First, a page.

Fun fact: other animals, such as fish and some reptiles/amphibians, can recover from spinal cord injuries. Scientists are studying how they do it!

A bunch of pretty little strings live in your back called nerves. They’re like the hair on your heads! These cool strings pull on your arms or legs and make them go DOO DOO-DOO DOO-DOO!!! But when the strings get cut you can’t go doo doo-doo doo-doo anymore. A spinal injury is when your back strings get cut.

Just my personal story for anyone here who might have back pain. I hurt my back lifting weights at the gym some 12 years ago. I was in pain for a month until my uncle told me to go his chiropractor. After a single session he had diagnosed me and fixed the pain. I had pulled a disc out place in the middle of my back. He popped it back into place after giving me ab electro heat massage. Best money I have ever spent.

Medical Student: Dr. Frankenstein?

Dr. Frankenstein: My name is “Fronkenshteen.”

Medical Student: Dr. “Fronkenschteen” isn’t it true that Darwin preserved a piece of vermicelli in a glass case until, by some extrordinary means, it actually began to move with voluntary motion?

Dr. Frankenstein: Are you speaking of the worm or the spaghetti?

[the class laughs]

Medical Student: Why, the worm, sir.

Dr. Frankenstein: Yes, I did read something of that incident when I was a student, but you have to remember that a worm… with very few exceptions… is not a human being.

Medical Student: But wasn’t that the whole basis of your grandfather’s work? The reanimation of dead tissue?

Dr. Frankenstein: My grandfather was a very sick man.

Medical Student: But as a “Fronkenshteen” aren’t you the least bit curious? Doesn’t the bringing to life what was once dead hold any interest for you?

Dr. Frankestein: You are talking about the non-sensical ravings of a lunatic mind; dead is dead!
Student: But look at what has been done with hearts and kidneys…

Dr. Frankenstein: [starting to shout] Hearts and kidneys are TINKER-TOYS!! I’m talking about the central nervous system!!

Student: But, sir…

Dr. Frankenstein: I am a scientist, not a philosopher! [picks up a scalpel] You have a better chance of re-animating this SCALPEL then you would of mending broken nervous tissue!

Student: But what about your grandfather’s work?

Dr. Frankenstein: MY GRANDFATHER’S WORK WAS DOO-DOO!!! I am not interested in death! The only thing that concerns me IS THE PRESERVATION OF LIFE!!!

[in his anger, Dr. Frankenstein stabs himself in the leg with the scalpel, grimaces, then crosses his legs]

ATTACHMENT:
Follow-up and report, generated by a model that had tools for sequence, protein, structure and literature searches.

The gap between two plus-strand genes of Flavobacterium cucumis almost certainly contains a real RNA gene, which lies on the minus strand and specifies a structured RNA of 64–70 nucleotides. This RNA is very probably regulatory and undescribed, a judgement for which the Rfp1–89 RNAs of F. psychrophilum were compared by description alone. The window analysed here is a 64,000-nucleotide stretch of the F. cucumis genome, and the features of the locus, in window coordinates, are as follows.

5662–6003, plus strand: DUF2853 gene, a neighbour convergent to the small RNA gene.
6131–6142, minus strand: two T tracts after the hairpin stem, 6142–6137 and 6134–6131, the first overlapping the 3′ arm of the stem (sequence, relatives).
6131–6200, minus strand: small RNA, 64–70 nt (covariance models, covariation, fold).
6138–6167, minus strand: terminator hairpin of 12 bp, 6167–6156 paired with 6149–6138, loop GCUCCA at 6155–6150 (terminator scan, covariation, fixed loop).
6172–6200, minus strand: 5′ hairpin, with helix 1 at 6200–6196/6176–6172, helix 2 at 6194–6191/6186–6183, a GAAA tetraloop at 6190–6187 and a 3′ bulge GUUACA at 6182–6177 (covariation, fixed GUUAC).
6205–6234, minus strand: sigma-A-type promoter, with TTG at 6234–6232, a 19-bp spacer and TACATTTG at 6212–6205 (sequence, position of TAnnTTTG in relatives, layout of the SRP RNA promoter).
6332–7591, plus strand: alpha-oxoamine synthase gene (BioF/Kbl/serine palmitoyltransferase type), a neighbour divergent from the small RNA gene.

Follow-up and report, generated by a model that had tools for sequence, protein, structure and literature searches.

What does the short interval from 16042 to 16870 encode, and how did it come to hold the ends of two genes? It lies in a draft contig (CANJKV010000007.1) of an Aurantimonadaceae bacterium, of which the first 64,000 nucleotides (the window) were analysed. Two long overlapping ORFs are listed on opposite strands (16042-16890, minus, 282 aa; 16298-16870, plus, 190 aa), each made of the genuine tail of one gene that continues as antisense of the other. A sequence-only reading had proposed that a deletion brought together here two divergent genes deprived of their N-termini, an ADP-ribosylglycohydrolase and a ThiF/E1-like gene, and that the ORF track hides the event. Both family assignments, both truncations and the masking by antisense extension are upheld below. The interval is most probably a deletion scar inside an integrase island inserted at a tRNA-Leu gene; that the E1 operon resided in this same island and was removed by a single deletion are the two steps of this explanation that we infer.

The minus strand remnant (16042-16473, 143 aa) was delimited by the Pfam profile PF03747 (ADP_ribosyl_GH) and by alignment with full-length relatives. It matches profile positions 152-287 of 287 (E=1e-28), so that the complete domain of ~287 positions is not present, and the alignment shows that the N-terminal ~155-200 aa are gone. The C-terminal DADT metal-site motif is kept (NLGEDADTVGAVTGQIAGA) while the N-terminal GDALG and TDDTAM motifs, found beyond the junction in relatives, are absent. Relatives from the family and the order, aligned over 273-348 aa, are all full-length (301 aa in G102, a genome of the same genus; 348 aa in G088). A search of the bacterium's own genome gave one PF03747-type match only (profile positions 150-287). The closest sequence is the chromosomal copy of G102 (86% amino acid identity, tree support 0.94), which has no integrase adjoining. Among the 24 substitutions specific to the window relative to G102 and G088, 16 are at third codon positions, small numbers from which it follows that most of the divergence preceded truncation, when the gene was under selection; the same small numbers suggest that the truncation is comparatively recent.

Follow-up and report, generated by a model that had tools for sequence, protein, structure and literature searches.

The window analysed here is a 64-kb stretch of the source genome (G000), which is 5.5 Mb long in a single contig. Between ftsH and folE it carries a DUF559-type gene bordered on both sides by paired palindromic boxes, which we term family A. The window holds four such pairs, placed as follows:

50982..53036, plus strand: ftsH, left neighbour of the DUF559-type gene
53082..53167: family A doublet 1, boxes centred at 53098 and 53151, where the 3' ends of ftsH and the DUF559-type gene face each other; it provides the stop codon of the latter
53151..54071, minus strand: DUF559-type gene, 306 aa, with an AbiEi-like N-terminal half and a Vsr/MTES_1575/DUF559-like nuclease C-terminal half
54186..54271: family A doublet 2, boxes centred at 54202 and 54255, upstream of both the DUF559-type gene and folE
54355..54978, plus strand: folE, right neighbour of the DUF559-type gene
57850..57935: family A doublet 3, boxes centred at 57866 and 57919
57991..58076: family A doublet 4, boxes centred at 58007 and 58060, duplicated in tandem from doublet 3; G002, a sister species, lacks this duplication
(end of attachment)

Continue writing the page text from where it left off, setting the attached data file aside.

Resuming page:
Dr. Frankenstein: Class…is…dismissed!

Some of them really aren’t that impossible to fix. Depends on what spinal injury you are talking about, the location, and the severity.

I’ve broken my back twice. T3/T4 the first go around. 18 months later, L4, L5 (and pelvis). (Skydiving can take a toll). I didn’t even know I had broken T3 and 4 until I had my second mishap. The doctors looking at my MRI for my lower back injury asked when I broke my upper back. Surprise. Surprise.

Anyway, I got to meet some smart people along the way. It’s where I learned that a significant number of people who end up paralyzed don’t actually sever their spinal chords. A compression fracture of a vertebra (like what I did to my T3&4) can result in swelling around the spinal chord. The swelling can cut off blood flow resulting in nerve death and subsequent permanent paralysis. I was very fortunate that didn’t happen to me. (My T3/4 injury was caused by an extremely hard opening parachute. The second injury was an off-field landing resulting in a 30’ fall).

The lesson to take away is: if you’ve suffered a traumatic injury to your back, see a doctor! A simple steroid injection can mean the difference between being sore for a few weeks or never feeling anything again!

You’d be surprised how delicate the spinal column is. Or rather, how particular it’s integrity is. Seemingly minor damage can have detrimental long term effects, because even if the integrity of something like 1 disk or 1 vertebrae is slightly compromised, it throws everything off, and there’s no real fixing it, because if you try to reinforce a problem, it messes up the distribution of force and causes cascading damage downstream.

Because we can’t get over our religious moral BS and just allow stem cell treatment. Even when we no longer have to obtain stem cells from ethically questionable sources.

There are these special cells called astroglia that fill any holes in your central nervous system to keep toxins out. The cut nerve cells would probably like to regrow, but the cut gets packed with astroglia and they can’t grow.

Does this apply to spinal surgeries as well? Like cutting through bone to remove a tumor?

Did no one watch that episode of Louie?

“It’ll take another….20,000 years to get straight up. Until then, it’s gonna keep hurting.”

The spinal cord is communication channel with a lot of electric wires (e.g., electric signals transferred from one cell to the next). Now if you cut all the wires, and put them together by chance, probably most wires will be connected wrongly (e.g., nerve sprouting grows the nerves together wrongly).

Now spinal cord injures are fixable by computers. You attached a computer to the nerves and muscles and so overcome the injured signal path. This kind of operation is expensive and therefore is not done often. However, it is possible to walk again or drive a car with you hands/arms. The reason is that such injures are low compared to other human conditions, therefore the pharma companies have no economic interest.

In the future, this will be solvable and mass producible and the technology will constantly improve.